Beer's Superpowers Revealed: 10 Non-Drinking Uses for Your Favorite Brew
Beer isn't just for drinking anymore. There are many useful and surprising things that an ice-cold brewski can help you accomplish, from household chores to better-tasting food. It can even help you look and feel healthier.
And while it may seem sacrilegious to use a beer for something other than drinking, these beer hacks work just as well with flat, stale lager, with that leftover opened can or bottle of stout in the fridge from last night, or with that not-so-good bitter you thought you'd like.
Most people wouldn't choose a beverage like beer to help them fall asleep at night, but it does work—and you don't even have to drink it. Just wash your pillowcases in flat beer (the hoppier the better, like any Indian Pale Ales) and breathe in its scent as you lie in bed. The smell of the hops in a strong IPA will help you fall asleep with ease.
Pour a bit of flat beer onto a soft cloth and rub it onto the surface of your favorite wood dining table or chair. It works like a traditional furniture polish product, removing the dullness of years of wear and tear and instilling a shining, rich color.
Thanks to its carbonated nature, beer can break down rust in just a few seconds. Pour your boozy leftovers over the rusted item in question—a pair of pliers, a bike frame, wall mounts, etc.—and wait 15 seconds. After that, wipe the item clean and get it working. This trick is great for removing a rusty old screw that won't budge.
Beer works in a pinch as an effective carpet cleaner that can remove stains. Pour beer over the stain of your choice, and let it take a few moments to soak in. Then, press a towel over the damp area, sopping up the liquid. The stain will have disappeared, but now you need to get rid of the beer itself; use a soap and water mixture to eliminate that.
Swap out your traditional hair products for a half-full can of beer, and you'll notice a new, reinvigorated shine and increased health. It'll leave beneficial deposits on the hair follicles that offer great nutrition.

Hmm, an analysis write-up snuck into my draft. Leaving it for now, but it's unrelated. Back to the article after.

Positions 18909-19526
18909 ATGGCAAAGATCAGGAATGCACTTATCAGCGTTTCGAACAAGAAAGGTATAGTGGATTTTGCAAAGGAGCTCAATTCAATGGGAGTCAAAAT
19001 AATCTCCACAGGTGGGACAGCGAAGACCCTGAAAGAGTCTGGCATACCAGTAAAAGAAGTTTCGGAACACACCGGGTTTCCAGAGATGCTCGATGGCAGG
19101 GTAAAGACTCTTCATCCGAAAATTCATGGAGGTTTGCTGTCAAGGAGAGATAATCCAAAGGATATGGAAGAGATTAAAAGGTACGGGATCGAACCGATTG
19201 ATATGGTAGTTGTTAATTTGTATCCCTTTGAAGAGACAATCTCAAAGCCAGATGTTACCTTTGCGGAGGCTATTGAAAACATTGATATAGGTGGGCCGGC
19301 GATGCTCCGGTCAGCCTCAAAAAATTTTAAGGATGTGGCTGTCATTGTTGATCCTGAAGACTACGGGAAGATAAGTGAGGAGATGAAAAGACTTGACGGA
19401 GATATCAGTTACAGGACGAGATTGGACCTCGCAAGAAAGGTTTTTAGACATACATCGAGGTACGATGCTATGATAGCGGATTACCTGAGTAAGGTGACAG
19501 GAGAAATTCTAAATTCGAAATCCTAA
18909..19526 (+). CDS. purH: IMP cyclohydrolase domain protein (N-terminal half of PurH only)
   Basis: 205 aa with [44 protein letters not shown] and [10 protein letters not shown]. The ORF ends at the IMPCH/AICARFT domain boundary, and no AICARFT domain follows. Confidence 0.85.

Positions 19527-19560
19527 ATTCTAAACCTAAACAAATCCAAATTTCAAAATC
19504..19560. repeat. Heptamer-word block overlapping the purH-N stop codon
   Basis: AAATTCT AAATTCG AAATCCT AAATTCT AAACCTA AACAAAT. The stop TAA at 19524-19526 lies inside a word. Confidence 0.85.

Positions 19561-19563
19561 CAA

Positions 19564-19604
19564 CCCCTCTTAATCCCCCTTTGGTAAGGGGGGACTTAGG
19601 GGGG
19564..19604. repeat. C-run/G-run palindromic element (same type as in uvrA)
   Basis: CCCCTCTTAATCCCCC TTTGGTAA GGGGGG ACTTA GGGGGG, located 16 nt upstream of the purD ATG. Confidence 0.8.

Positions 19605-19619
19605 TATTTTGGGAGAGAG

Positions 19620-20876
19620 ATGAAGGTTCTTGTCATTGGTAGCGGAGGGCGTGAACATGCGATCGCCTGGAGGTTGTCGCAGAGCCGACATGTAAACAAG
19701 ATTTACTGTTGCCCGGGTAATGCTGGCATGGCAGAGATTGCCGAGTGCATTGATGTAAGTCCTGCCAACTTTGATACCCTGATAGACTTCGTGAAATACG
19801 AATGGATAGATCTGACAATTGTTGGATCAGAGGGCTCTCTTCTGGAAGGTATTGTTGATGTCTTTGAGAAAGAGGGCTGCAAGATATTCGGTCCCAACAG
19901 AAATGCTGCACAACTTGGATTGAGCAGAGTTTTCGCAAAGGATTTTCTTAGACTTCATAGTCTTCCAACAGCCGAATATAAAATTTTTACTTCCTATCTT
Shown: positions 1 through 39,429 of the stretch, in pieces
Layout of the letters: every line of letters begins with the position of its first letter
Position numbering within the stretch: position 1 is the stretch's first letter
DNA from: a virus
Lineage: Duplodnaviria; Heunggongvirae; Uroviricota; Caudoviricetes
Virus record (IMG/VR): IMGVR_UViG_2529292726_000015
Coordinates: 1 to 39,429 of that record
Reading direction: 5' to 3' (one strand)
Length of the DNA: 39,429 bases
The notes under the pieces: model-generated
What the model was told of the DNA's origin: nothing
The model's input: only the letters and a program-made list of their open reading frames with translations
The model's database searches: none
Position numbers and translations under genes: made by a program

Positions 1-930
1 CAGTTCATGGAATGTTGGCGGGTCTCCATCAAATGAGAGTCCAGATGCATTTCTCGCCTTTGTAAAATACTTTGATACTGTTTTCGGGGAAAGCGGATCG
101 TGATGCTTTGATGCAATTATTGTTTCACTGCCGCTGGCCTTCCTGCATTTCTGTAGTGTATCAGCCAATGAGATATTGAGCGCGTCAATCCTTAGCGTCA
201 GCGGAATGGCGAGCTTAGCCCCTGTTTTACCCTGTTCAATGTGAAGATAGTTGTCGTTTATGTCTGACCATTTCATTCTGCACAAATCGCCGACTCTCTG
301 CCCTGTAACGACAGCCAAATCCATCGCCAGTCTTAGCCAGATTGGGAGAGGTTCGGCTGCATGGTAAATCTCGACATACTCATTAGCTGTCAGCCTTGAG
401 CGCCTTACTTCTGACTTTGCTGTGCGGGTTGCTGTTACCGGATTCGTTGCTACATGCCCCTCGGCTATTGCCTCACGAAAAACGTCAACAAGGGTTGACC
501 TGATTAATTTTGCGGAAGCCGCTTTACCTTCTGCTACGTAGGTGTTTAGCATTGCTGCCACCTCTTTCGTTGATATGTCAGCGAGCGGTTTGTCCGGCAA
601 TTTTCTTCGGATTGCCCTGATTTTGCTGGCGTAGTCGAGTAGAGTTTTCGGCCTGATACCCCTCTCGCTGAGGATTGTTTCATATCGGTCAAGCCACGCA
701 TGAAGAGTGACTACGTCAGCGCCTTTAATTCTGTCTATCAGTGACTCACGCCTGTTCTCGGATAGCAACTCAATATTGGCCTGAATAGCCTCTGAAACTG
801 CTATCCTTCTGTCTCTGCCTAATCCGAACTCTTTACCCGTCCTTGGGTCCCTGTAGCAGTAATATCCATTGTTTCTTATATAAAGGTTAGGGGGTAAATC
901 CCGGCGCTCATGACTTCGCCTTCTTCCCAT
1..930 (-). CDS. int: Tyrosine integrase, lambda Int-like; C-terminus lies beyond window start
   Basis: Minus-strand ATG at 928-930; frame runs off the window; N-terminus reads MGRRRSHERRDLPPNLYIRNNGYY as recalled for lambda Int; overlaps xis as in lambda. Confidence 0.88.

Whether you wash, soak, or even spray your hair with beer, the drink's ingredients cover the strands in B vitamins and proteins. As a result, the beer begins to repair damage while tightening the hair's cuticles with sugars that bring shine. Lagers, malt liquor, and wheat beers are said to be good, but skip the stouts.
Even celebrities like Catherine Zeta-Jones wash their hair in beer!
Copper pots make for an eye-catching kitchen arsenal, but keeping them clean and free of fingerprints is a monumental task—unless you use beer. Use a soft, clean cloth and a small pour of beer to keep your pots and pans free from tarnish and everyday grime. Rub the beer on the surface, and the acid of the drink will eat away at tarnish, much like it does with rust.
You may have made a beer can chicken or two before, but did you realize you were making your meat healthier simply by cooking with beer? As a study in the Journal of Agricultural and Food Chemistry discovered, soaking your meat in a beer marinade reduces the amount of carcinogens. So set your next meal in a flat beer bath, and when it's time to cook, the carcinogens could be reduced from 13 to 53 percent. (There are also more good reasons to cook with beer.)
Struggling with overbearing garden guests like slugs? Pour a flat beer or two in the soil of your favorite plants, whether floral or food-based in nature, and you'll keep pests at bay. And don't worry about doing any damage to your plants themselves—yeast is a beneficial ingredient in soil.
Soil, hair, and meat aren't the only things that can benefits from a beer soak. In fact, apply some flat beer to your skin, and you'll find your skin refreshed. Thanks to the inclusion of yeast, beer works to soften tough, calloused skin while also cleaning away grime with its antiseptic alcohol content. Stick your feet in a tub full of stale beer, or create a quick face wash with opened bottles, and you'll cleanse while also balancing the pH of your skin.
In addition to increasing the health factor of your meat-based meals, beer can also help you create the perfect flatbread. According to Food.com, all you need is flour, salt, and flat beer. And, if you want to give your typical chicken recipe a new twist, try Epicurious's recipe for juicy, flavor-filled meat with leftover beer. You can even bake a delicious chocolate cake with Guinness!
If you're down for it, you can even skip the beer altogether and go directly to cooking with hops. Hops are good in ice cream, sausages, bread, soups, stews, pasta, chicken, and more.